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I'm developing a Java EE application (JSF2 + richfaces+ Facelets + Tomcat). What's the best way to perform authentication when using JSF? Or should I make my own ?

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FYI: It is spelled "authentication" not "authentification". –  Migol Sep 20 '10 at 12:36
    
Corrected it... –  Jigar Joshi Sep 20 '10 at 13:08
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7 Answers 7

up vote 4 down vote accepted

People usually pick between ( in no specific order) :

JAAS ( wich is Java/Java EE default security framework )
Spring Security
Custom Made Security

I never used Spring Security but the documentation is huge, i gave up trying that once because of time constraint. JAAS have the advantages of being simple and work out of the box with Tomcat.

I've seen custom security built on top of JAAS too.

What you really have to do is figure out what you will especifically need in your application and check wich frameworks suits your needs better.

Without knowing your business needs, if you only need Authentication (User login) i would say JAAS is the most simple way to go as is it not application intrusive and you wont need to add Spring dependencies if you are not already using it.

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Note that JAAS itself is not a Java EE default security framework. JAAS is a security foundation found in Java SE, but it does not detail how it corresponds to Java EE security concepts, which are actually quite different at times. See this for more details: java.sys-con.com/node/1002315 –  Arjan Tijms Apr 15 '13 at 6:57
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Go for Spring Security

Here is how to integrate it with JSF

Edit:

http://ocpsoft.com/java/acegi-spring-security-jsf-login-page/

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I'm using JSF 2, but this project is for JSF 1.2 –  mohamida Sep 20 '10 at 12:21
    
@mohamida edited the answer –  Jigar Joshi Sep 20 '10 at 12:35
    
It will be almost same. –  Jigar Joshi Sep 20 '10 at 12:46
    
Sorry for my misspelling ;) –  mohamida Sep 20 '10 at 12:59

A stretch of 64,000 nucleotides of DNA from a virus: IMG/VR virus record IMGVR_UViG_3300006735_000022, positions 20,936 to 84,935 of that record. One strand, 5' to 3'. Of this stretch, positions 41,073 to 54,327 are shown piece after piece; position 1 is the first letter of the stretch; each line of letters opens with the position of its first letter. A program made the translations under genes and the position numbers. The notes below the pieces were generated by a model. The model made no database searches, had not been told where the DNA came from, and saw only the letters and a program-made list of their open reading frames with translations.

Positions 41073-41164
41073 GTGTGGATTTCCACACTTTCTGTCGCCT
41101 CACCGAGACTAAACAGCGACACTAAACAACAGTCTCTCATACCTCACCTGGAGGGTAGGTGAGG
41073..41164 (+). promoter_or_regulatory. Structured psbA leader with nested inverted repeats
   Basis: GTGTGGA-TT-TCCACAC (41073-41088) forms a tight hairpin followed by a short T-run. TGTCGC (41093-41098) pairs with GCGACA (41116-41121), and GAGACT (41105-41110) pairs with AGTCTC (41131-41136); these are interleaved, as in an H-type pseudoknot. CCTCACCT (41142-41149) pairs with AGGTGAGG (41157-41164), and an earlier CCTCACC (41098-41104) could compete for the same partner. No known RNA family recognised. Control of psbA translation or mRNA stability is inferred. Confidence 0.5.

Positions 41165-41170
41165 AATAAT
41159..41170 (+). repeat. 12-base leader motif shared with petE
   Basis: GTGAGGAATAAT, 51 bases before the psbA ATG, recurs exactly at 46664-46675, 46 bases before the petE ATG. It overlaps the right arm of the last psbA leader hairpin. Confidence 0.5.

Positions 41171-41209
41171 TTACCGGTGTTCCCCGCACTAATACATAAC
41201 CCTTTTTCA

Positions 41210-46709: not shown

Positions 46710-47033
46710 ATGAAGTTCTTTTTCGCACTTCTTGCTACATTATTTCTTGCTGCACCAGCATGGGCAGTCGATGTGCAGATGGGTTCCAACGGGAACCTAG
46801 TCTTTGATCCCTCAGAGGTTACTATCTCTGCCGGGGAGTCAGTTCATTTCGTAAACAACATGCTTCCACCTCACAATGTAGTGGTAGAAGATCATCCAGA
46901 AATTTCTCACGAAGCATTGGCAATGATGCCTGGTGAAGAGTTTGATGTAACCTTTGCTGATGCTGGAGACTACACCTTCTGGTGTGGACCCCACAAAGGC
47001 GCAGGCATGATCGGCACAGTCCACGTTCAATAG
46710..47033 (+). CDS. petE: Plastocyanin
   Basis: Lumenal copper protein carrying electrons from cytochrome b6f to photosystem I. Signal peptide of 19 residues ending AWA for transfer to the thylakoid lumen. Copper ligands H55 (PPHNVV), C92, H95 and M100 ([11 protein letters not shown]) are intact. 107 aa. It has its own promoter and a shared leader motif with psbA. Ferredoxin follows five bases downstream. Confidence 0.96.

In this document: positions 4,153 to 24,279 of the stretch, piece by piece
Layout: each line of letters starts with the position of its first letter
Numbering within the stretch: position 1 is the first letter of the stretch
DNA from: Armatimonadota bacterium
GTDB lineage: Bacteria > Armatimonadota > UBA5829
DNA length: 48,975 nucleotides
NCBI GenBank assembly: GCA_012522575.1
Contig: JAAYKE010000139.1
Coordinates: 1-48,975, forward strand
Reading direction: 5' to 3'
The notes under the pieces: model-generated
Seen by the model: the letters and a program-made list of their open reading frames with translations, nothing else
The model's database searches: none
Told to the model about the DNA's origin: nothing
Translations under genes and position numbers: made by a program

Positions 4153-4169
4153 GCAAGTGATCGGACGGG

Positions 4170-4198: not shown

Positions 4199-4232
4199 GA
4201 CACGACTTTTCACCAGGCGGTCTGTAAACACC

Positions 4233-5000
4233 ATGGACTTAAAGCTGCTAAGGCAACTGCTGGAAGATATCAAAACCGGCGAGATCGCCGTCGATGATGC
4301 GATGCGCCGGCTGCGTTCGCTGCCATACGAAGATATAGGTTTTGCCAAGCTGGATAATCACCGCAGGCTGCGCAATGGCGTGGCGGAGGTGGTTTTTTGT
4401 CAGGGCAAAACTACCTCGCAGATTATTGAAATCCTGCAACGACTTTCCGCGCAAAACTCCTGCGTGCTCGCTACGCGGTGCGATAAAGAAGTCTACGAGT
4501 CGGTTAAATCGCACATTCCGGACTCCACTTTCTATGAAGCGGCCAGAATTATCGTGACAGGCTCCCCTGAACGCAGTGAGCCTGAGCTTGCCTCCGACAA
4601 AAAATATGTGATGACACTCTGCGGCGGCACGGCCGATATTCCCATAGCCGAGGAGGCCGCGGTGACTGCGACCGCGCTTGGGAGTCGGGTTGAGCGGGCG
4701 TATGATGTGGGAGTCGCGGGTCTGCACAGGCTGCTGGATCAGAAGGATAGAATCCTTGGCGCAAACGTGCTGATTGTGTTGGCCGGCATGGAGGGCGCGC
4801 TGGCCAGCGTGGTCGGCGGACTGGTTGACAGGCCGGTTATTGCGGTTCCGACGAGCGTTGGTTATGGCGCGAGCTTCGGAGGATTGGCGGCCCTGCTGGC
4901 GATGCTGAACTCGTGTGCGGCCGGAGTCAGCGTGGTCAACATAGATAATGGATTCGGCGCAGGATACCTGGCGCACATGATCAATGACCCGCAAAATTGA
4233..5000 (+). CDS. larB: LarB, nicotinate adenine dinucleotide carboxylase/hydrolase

@mohamida corrrected it –  Jigar Joshi Sep 20 '10 at 13:04
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I think that Leonardo answered it correctly, but you could also consider Central Authentication Service(CAS) for enterprise wide security. It is a little more complex to configure, but the benefits are tremendous. It also supports an enormous number of out of the box authentication mechanisms from LDAP to NTLM. CAS also provides extension for custom authentication.

If you choose to use Java EE containers, and wish to use form based authentication, I have published a couple of examples for use with JSF 1.2 and 2.0 and j_security_check

In addition, the Servlet 3.0 API provides login and authentication based on the container via the HttpServletRequest API.

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JBoss Seam integrates EJB 3, Facelets, JSF, and hibernate really nicely. Also provides validation of data and some security stuff too. If you use it for all its features, it is really sweet. If you try to pick and choose only certain things out of it, then it is still cool, but you have a few work arounds. But I've been impressed with what I've seen of Seam so far.

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Apart from the mentioned frameworks there's also Seam Security which integrates nicely with CDI through an Extension.

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links for integrate spring security this link is provide code for how to integrate spring with jsf1.2.

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You can try Apache Shiro, which gives authentication, authorization and many other.

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